Back: This week

6th October 2018

Picture of the book 'The Art of Falling apart"

I’ve gone cool on instagram. Again. It got to be too earnest a digital space for me to inhabit. I don’t want to consume there, I don’t want to participate in the glib, prosaic, pretty much formulaic style of copy I seemed to be actually quite ok at. Basically, I’m conflicted for a number of reasons I can’t currently find it within myself to elaborate on, but I’ve not been on there all week save to see a photo taken of me on Friday lunchtime being gloriously happy holding my friends baby. It’s weird all this digital content we can create, feel compelled to create, it’s all tied up with recognition and value/significance, I just want anyone that wants to read what I write to have intentionally sought it. Not by virtue of a follow once, long ago, on a platform that seeks to hold our attention, because you’re here. You’re reading this. It’s too difficult to explain in a few short sentences, perhaps I’ll try another time.

I also gave up on the challenge ‘a year of you’ – it got to the relationship part and the words ‘fuck this’ made me not want to do it anymore. Just being honest.

Today has been lazy. I’ve got the children all weekend and we¬†had to set out with the dog to get George to his martial arts class in swift haste because no-one was ready in time. Ruby and I then pointlessly drove round for a bit before parking the car in the local supermarket and attempting to take the dog up the moving walkway (the lift wasn’t working) to wander round London Road. He was having none of it, lay on the floor in absolute terror, resisting going anywhere near it with the considerable strength of his entire being. Like many other escalators and bridges of the past, it didn’t happen. We got back in the car and had to park somewhere else.

We then had bacon sandwiches at the cafe next door and got my fringe trimmed by my lovely hairdresser who always make sure she holds me in a hug before making me look like myself again. Since being back I’ve sat with Ruby and helped her code a rudimentary page for a science project. It’s got animated text so far and we plan to add to it over the coming days. She even created her own timeline! In between I have been dipping in and out of this wonderful book “The art of falling apart” by Christina Patterson. I delight in reading but weekends are my binge. This book has described something I have been through recently through the stories of others and although it feels quite close to the bone sometimes and I have physically felt uncomfortable during the reading, I am enjoying something sometimes only the written word can do, making you feel less alone.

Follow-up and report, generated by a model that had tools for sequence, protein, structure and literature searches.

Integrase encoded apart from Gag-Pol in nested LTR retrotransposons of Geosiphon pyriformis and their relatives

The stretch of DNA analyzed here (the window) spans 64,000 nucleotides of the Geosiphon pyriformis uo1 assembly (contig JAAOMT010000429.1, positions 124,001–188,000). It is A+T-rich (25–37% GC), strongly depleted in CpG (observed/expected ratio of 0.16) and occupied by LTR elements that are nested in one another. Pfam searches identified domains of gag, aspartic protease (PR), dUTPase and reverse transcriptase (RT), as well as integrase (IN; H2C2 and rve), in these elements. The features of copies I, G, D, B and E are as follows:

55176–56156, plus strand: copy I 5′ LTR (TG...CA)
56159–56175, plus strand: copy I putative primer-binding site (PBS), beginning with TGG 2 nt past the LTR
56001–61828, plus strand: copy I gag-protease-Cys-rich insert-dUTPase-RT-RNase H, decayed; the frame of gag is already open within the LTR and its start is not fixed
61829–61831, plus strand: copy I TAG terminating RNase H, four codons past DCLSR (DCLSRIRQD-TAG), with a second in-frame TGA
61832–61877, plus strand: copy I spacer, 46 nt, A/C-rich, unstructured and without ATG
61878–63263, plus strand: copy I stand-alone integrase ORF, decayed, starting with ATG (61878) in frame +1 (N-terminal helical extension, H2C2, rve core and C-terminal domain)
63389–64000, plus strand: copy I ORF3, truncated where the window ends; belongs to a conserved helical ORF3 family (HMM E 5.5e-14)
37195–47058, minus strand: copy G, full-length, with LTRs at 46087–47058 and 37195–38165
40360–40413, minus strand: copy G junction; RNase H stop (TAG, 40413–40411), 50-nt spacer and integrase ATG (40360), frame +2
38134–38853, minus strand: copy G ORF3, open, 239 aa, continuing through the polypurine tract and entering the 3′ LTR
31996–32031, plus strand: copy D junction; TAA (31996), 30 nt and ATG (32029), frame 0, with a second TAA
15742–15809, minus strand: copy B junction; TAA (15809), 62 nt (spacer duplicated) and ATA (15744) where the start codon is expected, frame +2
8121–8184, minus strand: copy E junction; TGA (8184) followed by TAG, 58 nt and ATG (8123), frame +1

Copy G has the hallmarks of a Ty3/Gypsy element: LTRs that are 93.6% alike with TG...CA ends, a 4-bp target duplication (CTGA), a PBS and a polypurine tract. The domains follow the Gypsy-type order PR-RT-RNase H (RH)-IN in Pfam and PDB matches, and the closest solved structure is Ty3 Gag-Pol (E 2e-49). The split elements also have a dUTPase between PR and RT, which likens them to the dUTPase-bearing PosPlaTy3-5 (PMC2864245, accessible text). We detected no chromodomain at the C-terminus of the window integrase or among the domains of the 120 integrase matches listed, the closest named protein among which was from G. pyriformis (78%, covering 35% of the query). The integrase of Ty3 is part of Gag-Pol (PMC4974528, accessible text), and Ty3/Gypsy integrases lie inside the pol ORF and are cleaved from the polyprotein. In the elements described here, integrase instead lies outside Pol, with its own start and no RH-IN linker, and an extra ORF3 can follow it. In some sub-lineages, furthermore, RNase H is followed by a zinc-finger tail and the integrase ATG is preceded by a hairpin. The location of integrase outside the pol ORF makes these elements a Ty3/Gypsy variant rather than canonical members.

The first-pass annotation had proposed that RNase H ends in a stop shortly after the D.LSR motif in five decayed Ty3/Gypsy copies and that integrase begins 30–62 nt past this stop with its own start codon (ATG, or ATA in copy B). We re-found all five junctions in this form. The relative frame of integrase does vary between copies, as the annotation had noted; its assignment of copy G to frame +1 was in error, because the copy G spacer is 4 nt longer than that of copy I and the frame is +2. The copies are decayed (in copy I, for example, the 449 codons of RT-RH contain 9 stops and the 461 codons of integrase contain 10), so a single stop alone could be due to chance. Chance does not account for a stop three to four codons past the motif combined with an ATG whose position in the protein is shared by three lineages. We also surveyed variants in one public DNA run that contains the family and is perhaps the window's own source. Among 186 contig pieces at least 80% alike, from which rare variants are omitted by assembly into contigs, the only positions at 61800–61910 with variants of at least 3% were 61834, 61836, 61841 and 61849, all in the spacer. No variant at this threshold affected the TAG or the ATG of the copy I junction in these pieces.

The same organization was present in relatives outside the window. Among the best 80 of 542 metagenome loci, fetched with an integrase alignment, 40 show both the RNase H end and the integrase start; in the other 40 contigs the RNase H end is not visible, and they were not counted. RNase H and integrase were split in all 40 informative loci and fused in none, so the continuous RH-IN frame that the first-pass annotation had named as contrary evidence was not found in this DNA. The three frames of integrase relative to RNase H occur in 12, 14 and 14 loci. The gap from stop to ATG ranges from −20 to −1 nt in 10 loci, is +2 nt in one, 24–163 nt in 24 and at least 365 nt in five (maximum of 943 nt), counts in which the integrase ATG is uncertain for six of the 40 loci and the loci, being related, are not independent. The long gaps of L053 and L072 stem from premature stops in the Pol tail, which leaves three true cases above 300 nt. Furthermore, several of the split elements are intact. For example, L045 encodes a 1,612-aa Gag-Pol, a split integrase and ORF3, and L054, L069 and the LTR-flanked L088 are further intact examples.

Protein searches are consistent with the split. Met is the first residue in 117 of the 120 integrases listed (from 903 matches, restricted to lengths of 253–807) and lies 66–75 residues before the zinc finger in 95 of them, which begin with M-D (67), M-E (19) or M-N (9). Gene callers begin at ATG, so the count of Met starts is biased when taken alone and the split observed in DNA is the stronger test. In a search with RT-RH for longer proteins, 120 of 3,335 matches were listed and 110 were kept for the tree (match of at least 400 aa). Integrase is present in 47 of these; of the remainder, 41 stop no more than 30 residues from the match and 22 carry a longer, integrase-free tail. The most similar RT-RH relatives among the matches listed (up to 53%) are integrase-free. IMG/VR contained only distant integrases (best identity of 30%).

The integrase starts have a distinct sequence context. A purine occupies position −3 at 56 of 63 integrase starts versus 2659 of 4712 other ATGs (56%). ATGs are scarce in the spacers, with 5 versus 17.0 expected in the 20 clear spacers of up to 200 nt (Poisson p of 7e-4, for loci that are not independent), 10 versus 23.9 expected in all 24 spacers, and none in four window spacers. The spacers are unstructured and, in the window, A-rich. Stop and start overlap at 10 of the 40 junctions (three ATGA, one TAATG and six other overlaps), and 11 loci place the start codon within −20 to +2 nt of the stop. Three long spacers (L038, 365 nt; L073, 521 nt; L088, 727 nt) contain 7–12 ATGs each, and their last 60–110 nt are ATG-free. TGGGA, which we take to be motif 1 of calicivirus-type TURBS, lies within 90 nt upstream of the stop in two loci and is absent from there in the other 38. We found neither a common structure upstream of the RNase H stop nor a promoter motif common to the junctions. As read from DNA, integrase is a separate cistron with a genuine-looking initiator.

Off the back of searching for everything Christina has ever written on the internet, on a link frenzy I came across these words said by John Docx on being a writer: “to give precise and enduring expression to the human experience”. I’m writing now – I don’t feel I’ve quite given precise and enduring expression to my human experience, but what I do know is that I have liked to write here in the past. I know that sometimes, the things I have written have made people I don’t know write to me and tell me their stories. That’s what we’re all doing, sharing stories of our experience. I ended up buying all his books too and then being freakishly alarmed by them arriving and being handed to me hours later – bloody prime, I’ve got proper tsundoku at the moment, piles and piles of material to read. It makes me feel content in a way that a full freezer does.

If you’ve ever felt your life has hit the skids, accompany your demise by reading this book, it covers all the horrors of what can and perhaps will unfold in any human experience. It will prove the human ability for resilience. It will make you want to believe in the words by Brad Meltzer.

Everyone you meet is fighting a battle you know nothing about. Be kind. Always.


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